- How am I bearing the hardship of immigration?
- What does the Gospel call me to do?
- Do I pray for immigrants?
In Genesis 12:3b, we are told that that ‘the communities of the earth shall find blessing in you.’
Throughout Lent, reflect on how you are a blessing to others.
Third Week of Lent
The readings for Sunday of the Third Week of Lent, draws our attention to three words, ‘thirst, water and rock.’ There is certainly a connection between thirst and water. But, rock??? A rock is simply an inanimate object that is solid.
In the reading from Ezekiel, the people are angry at Moses and ask him why he had them leave Egypt. They question him and say, “Was it just to have us die here of thirst?’ As we read further on in Ezekiel, Moses goes before the Lord and says, “The people are angry with me. They think I called them here to die. What should I do?” The Lord answered and said, “Go stand in front of the people and hold the staff with which you struck the river. I will be standing in front of you on the ROCK of Horeb. Strike the rock and the water will flow from it. The people will drink the water from the rock.
The Gospel acclamation is taken from the Gospel of John (4:42, 15). It reads, “Give me living water that I may never thirst again.” The Gospel (John 4:5-42) is about Jesus’ encounter with the woman of Samaria or the woman at the well. Jesus asked the woman for a drink. She had many concerns about his asking. First of all, Jesus was a Jew and she was a Samaritan. Another concern was that Jesus did not have a bucket and the well was very deep. Jesus explained to the woman at the well that the water that he spoke of was not the water in the well. Rather, he spoke of living water, the water that people thirst for and once they receive it, they will not thirst again. I don’t think the woman fully understood what was happening in the moment but she did say to Jesus, “Please give me this water so I may never thirst again and then I will not have to return to the well.”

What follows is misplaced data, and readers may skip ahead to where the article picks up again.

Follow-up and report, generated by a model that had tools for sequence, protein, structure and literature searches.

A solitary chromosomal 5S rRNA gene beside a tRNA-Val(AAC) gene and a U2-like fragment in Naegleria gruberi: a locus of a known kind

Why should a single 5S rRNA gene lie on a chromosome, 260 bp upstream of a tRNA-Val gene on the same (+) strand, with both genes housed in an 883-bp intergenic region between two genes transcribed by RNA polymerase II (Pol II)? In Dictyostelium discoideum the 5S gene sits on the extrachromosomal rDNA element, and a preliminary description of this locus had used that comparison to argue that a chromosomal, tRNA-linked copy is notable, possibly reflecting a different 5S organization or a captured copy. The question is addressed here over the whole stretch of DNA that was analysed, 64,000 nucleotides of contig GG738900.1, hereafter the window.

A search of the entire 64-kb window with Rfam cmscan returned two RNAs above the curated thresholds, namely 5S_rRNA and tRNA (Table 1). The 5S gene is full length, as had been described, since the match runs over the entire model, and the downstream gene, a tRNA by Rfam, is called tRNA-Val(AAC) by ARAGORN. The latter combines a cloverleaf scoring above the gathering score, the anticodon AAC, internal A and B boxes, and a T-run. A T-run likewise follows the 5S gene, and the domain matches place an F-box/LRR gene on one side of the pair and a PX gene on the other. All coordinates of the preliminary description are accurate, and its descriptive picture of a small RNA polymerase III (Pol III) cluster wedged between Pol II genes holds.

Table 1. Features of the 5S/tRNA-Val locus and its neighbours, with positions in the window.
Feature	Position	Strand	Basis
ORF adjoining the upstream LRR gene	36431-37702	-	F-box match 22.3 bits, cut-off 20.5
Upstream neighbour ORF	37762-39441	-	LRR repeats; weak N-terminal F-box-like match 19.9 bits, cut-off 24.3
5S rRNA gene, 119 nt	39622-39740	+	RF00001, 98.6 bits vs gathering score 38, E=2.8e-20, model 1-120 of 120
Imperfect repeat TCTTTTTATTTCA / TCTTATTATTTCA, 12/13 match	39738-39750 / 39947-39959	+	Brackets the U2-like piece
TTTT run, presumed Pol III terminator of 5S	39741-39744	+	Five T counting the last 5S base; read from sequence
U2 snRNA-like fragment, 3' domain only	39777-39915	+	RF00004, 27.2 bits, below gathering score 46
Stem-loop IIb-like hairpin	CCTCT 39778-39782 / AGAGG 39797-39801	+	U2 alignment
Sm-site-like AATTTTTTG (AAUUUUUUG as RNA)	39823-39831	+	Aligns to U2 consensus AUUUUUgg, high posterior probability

Reflect on the symbols of thirst, water and rock. What is the symbolism of the rock? Write about a time(s) that these words touched your heart.
In the 2nd reading, Romans 5:5b, we read, “The love of God has been poured out into our hearts.” The idea of pouring brings us back to water. Do I see God’s love being poured into my heart? Do I see the love of God being poured from my heart to others?
Can I make a special effort this Lent to witness to the living water that lives in me? Can I reach out to someone that needs help or someone I haven’t spoken with for a while?
The Fourth Week of Lent
John 9: Jesus Heals a Man Born Blind